If we do not get anything worthwhile for Kanter, I want him to face reality and accept his role on the bench. This season is not about winning. Is Kanter more delusional than your typical fan? I want him to stay quiet and keep producing with the minutes he’s given. We recently saw him more accepting of his bench role and playing well in the Lakers game. Although it was a loss for team tank, the Knicks got their 1st win of 2019. Kanter may be a beneficial influence to the rookies, especially Mitchell Robinson. If Kanter can only hold on a few more months, then walk away this summer, that would be great. That will be the end of the Enes Kanter era in NY!

ALEX (@MrAlexCollins) – The Knicks Should AMICABLY SEPARATE FROM Enes Kanter.

Enes is in his eighth year in the NBA and he is understandably unhappy with his bench role on a team that has only 10 wins at the halfway point of the season and still has the highest strength of schedule remaining in the Eastern Conference, per ESPN.

There is no valid argument for the Knicks keeping Kanter around for the rest of the season. Whether you think he is a net positive player or not, his inclusion on the team is not resulting in the Knicks being anywhere near a playoff contender.

The Knicks should be focused on getting the highest possible pick in the draft and developing their young players. This is best served by giving minutes to Mitchell Robinson, Luke Kornet, and bringing in a veteran big who is happier to sit and mentor the young guys than Kanter has proven to be. Even picking up young big men from free agency or the G-league on 10-day contracts would better benefit the team moving forward.

There have been enough positive instances that we can remember Enes with some fondness, and his last 3 games have been a nice run for him to bow out on. Why not do right by him and move him to a situation where he has a defined role on a team in playoff contention?

Whether the Knicks outright waive Enes, thus giving him the freedom to choose where he wants to play next without restriction, or saving him the embarrassment of being cut from one of the worst teams in the NBA and simply moving him to a contender for an expiring contract, it’s best for all parties to respectfully go their separate ways.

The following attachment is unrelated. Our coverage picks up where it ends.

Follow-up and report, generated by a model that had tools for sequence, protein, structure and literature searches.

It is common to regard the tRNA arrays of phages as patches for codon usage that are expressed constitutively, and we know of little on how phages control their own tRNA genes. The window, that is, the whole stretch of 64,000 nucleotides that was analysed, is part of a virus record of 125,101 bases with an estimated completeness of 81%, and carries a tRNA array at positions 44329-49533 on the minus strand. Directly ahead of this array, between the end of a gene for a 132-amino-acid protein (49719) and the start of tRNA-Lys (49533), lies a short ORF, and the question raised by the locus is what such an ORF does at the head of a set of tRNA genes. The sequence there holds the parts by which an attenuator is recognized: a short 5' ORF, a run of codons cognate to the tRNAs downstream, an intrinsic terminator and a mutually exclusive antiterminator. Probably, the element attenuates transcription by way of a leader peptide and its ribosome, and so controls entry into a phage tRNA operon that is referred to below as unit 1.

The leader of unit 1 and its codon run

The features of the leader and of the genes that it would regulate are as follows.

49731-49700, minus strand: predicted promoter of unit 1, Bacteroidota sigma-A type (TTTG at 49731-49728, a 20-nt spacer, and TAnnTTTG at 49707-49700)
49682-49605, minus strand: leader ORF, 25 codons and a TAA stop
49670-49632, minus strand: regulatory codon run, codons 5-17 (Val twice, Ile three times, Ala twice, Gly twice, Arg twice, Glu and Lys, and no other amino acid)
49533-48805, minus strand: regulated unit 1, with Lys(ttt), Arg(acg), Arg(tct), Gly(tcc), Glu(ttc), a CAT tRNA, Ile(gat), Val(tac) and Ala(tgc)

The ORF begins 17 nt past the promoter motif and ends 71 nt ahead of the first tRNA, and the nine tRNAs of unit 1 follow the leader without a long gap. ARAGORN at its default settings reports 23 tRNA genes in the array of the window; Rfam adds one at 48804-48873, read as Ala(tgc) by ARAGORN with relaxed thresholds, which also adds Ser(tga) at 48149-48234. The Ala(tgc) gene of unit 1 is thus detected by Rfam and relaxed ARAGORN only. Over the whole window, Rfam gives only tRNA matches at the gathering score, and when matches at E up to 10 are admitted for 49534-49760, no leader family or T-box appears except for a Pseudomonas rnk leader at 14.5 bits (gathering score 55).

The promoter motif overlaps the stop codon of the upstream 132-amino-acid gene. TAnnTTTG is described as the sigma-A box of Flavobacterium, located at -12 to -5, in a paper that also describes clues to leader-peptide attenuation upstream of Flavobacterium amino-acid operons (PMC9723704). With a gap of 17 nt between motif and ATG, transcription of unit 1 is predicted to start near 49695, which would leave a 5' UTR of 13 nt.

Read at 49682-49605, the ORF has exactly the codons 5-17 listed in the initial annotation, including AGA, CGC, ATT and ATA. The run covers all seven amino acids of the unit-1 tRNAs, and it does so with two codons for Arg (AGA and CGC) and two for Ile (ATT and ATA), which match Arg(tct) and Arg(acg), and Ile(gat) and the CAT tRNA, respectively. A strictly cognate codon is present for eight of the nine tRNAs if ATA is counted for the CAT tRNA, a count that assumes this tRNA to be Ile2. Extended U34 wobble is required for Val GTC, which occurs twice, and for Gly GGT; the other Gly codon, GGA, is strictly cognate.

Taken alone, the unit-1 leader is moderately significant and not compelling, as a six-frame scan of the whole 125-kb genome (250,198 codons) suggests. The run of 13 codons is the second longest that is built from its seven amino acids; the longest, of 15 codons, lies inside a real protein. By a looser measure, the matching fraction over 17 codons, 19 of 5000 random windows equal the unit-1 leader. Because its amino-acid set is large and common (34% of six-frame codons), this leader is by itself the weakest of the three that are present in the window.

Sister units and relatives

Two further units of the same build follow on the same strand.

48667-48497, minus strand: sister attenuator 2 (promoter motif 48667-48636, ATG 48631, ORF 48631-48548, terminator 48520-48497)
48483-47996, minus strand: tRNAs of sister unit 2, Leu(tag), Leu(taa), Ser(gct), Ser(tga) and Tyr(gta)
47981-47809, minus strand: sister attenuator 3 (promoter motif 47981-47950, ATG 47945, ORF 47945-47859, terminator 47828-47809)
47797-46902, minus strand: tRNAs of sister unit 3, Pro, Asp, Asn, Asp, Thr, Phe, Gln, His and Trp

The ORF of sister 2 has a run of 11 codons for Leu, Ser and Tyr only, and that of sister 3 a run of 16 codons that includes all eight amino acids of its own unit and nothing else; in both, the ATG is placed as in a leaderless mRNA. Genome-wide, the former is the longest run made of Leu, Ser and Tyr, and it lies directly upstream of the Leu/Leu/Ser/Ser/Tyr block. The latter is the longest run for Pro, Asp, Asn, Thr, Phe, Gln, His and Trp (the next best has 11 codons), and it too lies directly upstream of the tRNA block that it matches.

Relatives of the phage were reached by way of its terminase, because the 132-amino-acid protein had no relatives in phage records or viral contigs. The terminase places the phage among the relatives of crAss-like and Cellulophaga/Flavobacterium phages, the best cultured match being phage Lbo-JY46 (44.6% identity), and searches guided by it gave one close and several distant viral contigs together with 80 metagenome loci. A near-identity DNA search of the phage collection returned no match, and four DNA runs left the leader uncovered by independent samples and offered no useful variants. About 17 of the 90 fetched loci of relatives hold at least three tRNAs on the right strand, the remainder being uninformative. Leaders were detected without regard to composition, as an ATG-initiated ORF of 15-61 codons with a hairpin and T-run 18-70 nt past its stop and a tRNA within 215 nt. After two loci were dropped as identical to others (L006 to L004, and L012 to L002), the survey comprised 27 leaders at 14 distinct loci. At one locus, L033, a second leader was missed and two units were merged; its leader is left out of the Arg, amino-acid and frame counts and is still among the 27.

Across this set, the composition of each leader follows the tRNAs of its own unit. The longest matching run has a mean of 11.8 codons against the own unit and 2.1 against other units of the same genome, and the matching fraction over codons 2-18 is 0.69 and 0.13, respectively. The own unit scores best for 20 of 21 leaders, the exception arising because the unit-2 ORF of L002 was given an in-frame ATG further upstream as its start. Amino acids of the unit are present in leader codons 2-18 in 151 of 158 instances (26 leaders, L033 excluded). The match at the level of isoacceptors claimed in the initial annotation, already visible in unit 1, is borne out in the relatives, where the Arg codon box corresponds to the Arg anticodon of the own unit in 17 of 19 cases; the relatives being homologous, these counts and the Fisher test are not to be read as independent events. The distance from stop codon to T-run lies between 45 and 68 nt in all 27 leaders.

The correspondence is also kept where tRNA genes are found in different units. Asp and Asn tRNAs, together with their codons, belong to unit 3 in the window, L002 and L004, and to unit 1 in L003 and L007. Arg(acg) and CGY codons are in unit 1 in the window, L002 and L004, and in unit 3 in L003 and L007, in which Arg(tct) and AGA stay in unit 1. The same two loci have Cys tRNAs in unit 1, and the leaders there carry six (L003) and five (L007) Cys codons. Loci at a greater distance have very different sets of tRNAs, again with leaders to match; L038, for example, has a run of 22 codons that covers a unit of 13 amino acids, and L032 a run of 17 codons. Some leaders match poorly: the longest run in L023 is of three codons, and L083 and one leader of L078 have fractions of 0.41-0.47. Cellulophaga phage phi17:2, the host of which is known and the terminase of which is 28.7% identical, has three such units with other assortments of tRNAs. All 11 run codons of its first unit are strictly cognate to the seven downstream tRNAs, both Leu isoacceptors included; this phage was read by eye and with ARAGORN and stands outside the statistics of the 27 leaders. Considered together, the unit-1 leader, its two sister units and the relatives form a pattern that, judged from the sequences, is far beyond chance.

MIKE D (@debatebball) – The Knicks Should START Enes Kanter.

They should keep him.  And if they keep him, they have to play him.  And if they’re playing him, why not start him?

Reasons they should keep him:

  1. His $18M expiring is difficult to match. We do NOT want to take any non-expiring money back.

  2. Practicing against him will help both Mitch and Kornet. Post play, while less important these days, is not extinct. Kanter’s strength and skill down low can help our young centers learn how to hold their own against stronger bigs who still bang on the block and attack the glass.

  3. He’s playing well. He’s been arguably their best player over the last few games. If Fiz is going to preach, “Keep what you kill,” then Kanter deserves to play.

I’d only trade him if we’re getting something more than swapping expiring money, and I’d only buy him out if he asks for that.

DAVE (@DavidEarly) – The Knicks Should FRANTICALLY SHOP Enes Kanter.

The Knicks should FRANTICALLY shop Enes. If they were really smart they’d do all they can to get a couple of second round picks for him without taking back any long-term salary. Otherwise, I’d try to buy him out.

With the right coach, Enes is absolutely good enough to win you a few games down the stretch. You CANNOT risk the top (14%) pick odds with a player of Zion Williamson’s caliber on the board. Moving on from Enes helps you A) avoid PR headaches when you sit him to tank or B) avoid the devastating “spirited win” down the stretch that costs you 35% of your ping pong balls.

The sneaky benefit of sending him to the Kings is that if he actually helps them win, it hurts the Atlantic Division rival Celtics’ pick.

That could be key. If the Knicks wind up with KD and Zion and KP, they just might visit Boston in the conference finals next year. So we can root for Enes to ball out in Sacramento.